For those who have never consulted a dentist about treatments for sleep apnea and snoring, it may be time to make an appointment. Dental sleep medicine is a growing segment of dentistry that focuses on managing snoring and sleep apnea with oral appliance therapy (OAT) – an effective alternative to the standard continuous positive airway pressure (CPAP) machine and mask. According to the American Academy of Dental Sleep Medicine (AADSM), up to 50 percent of sleep apnea patients do not comply with or tolerate CPAP.
Oral appliance therapy (OAT) uses a “mouth guard-like” device worn only during sleep to maintain an open, unobstructed airway. OAT devices prevent the airway from collapsing by either holding the tongue or supporting the jaw in a forward position. For many, oral appliance devices are more comfortable to wear than a CPAP mask. The devices are also quiet, portable and easy to care for. Research suggests that oral appliance therapy often can equal CPAP in effectiveness and offers a higher patient compliance rate than CPAP. There are more than 80 different styles of oral appliance devices that have received FDA clearance.
The many faces of OSA are revealed by examining frequently associated conditions such as: high blood pressure (hypertension), heart failure, heart rhythm disturbances, Atherosclerotic heart disease, pulmonary hypertension, insulin resistance, and even death are some of the known complications of untreated obstructive sleep apnea. Cognitive impairment (memory problems), depression, anxiety, and gastro esophageal reflux disease (GERD) are also among possible complications of untreated sleep apnea. Dentists can treat the vast majority of patients with OSA and have the ability to screen for it, at a minimum, within our patient population. The most commonly quoted statistics on OSA are summarized below.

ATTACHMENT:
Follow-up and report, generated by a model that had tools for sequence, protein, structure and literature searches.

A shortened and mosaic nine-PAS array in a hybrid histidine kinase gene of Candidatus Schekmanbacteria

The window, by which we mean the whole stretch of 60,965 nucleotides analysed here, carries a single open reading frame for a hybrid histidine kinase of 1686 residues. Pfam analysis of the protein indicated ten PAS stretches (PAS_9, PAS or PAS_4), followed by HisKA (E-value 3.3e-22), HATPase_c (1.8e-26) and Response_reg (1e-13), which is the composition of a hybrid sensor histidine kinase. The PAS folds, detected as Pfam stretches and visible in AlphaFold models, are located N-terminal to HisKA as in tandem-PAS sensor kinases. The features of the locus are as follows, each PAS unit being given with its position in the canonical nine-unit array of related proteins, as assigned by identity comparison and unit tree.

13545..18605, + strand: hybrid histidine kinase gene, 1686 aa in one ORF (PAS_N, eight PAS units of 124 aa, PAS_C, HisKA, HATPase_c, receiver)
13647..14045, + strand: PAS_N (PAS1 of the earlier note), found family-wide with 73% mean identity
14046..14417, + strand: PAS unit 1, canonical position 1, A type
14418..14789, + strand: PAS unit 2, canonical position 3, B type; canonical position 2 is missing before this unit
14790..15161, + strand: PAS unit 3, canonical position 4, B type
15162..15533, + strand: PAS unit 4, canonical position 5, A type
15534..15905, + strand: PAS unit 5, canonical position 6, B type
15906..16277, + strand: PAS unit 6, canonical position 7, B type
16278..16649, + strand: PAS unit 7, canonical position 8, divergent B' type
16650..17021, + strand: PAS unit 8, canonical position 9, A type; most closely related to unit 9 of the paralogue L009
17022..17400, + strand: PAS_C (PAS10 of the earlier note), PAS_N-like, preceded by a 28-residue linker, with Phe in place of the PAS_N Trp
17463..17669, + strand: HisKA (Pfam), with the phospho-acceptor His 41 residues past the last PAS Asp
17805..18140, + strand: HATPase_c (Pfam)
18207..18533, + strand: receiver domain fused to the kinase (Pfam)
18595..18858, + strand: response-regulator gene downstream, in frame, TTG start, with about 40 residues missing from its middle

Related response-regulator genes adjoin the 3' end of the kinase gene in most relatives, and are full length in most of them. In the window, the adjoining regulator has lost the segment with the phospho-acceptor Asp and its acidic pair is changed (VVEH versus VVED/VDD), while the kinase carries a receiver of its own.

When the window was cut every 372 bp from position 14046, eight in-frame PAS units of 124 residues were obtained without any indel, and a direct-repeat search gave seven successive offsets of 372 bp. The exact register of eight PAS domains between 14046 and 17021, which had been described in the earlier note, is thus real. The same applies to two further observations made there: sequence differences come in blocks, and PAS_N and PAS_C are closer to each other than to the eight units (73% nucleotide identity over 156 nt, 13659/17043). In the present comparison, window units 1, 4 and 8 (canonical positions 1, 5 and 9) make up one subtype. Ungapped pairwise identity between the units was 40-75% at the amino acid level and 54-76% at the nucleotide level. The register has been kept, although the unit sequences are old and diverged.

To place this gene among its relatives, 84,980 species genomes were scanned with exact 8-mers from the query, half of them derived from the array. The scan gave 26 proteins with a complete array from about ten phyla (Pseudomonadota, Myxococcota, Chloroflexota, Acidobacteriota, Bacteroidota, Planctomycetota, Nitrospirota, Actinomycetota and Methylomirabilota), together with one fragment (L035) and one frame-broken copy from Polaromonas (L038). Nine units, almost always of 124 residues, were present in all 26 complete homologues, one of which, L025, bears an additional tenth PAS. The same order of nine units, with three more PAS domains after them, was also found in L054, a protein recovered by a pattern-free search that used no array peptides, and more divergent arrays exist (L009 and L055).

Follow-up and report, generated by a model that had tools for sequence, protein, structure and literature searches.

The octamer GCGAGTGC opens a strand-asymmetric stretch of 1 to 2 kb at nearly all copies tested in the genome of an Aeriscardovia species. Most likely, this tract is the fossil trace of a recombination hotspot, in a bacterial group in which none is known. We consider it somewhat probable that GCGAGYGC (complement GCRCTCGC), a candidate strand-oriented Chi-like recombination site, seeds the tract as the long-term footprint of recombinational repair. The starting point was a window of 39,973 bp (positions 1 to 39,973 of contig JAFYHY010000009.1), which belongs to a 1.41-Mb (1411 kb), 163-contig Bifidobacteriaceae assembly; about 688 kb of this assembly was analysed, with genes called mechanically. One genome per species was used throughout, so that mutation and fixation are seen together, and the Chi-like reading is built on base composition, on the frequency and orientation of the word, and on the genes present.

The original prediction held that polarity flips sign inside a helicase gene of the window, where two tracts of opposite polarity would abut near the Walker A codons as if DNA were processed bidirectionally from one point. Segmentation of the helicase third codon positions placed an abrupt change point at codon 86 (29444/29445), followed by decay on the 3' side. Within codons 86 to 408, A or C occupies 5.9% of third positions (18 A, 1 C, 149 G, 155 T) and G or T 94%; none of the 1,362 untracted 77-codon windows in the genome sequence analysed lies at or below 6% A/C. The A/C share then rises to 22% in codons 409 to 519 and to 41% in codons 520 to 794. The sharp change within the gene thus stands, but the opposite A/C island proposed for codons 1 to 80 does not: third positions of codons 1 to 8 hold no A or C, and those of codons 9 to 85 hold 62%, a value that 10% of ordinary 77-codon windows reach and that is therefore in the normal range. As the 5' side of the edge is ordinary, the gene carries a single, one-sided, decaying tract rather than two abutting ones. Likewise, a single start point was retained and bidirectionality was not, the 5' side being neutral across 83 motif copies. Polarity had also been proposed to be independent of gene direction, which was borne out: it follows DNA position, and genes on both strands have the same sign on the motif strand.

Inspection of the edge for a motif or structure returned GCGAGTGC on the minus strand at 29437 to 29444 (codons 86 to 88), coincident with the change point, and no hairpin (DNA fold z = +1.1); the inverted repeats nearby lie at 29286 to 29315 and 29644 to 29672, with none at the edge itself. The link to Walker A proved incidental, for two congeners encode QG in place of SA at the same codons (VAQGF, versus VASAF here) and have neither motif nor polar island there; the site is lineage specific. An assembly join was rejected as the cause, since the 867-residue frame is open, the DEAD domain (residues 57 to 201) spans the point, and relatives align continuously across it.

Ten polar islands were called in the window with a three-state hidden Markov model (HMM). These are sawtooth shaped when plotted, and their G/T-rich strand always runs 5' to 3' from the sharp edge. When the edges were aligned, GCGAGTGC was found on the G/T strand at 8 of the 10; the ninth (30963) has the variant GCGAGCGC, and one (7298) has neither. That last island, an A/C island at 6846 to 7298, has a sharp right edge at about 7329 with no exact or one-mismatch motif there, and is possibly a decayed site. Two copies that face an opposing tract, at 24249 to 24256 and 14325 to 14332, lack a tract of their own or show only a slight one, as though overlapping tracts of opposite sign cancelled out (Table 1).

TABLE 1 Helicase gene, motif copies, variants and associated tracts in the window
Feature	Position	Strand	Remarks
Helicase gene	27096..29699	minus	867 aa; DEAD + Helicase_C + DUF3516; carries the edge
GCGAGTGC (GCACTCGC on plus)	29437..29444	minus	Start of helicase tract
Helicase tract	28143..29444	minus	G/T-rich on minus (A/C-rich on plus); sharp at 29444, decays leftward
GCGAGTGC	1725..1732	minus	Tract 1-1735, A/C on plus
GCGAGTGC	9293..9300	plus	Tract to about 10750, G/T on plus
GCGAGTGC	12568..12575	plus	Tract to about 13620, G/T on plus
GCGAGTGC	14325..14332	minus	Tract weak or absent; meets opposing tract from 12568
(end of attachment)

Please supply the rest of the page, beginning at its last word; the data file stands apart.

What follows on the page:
1/3 of population suffers from some sleep disorders (20M OSA 10M PLMD, 20M Insomnia)
Snoring prevalence 67% general population. NSF 2005 (habitual snorers 35% Parati)
94% of OSA population snores, 6% are silent apneics
Wisconsin Study 1938: 17-20% of general population have some OSA (AHI>5)
Sleep Heart Health Study: 22% have OSA (Smoking gun intermittent Hypoxia)
Young in 1993, Wisconsin Study : AHI>5 w/o EDS (excessive daytime sleepiness), 9% females, 24% males
Metabolic Syndrome effects 24% of general population
Weight loss of 10% can decrease AHI (apnea-hyponea index) 30-50%
We are now providing oral appliance therapy for sleep-related breathing disorders. It’s our goal to treat this disorder working with your physician and health care provider and improve your health and well being.
The American Academy of Sleep Medicine now recommends oral appliances as a primary or first line of treatment for mild to moderate obstructive sleep apnea. The guidelines state that patients should always be offered the choice of an oral appliance if they have mild to moderate OSA.
For Mild to Moderate Obstructive Sleep Apnea:
Oral appliances (OAs) are indicated for use in patients with mild to moderate OSA who prefer OAs to Continuous Positive Airway Pressure (CPAP), or who do not respond to CPAP, are not appropriate candidates for CPAP, or who fail treatment attempts with CPAP or treatment with behavioral measures such as weight loss or sleep position change.
For Moderate to Severe Obstructive Sleep Apnea:
The American Academy of Sleep Medicine recommends Continuous Positive Airway Pressure (CPAP) for the treatment of moderate to severe sleep apnea. If patients have tried and failed CPAP, they should be offered treatment with an oral appliance.
Patients with severe OSA should have an initial trial of nasal CPAP [prior to trying oral appliances]. Reference: 1.American Academy of Sleep Medicine website http://www.aasmnet.org
Below is a SECURE CONFIDENTIAL LINK to complete our online sleep disorder/apnea evaluation forms.
Sleep Screening Consultation SleeSleep Screening Consultation Sleep Screening Consultation Sleep Screening Consultation Sleep Screening Consultation Sleep Screening Consultatio Please have the following available before you begin. This registration will take about 15-20 minutes to complete so please save enough time. Once we have your information, we can visit further about your symptoms.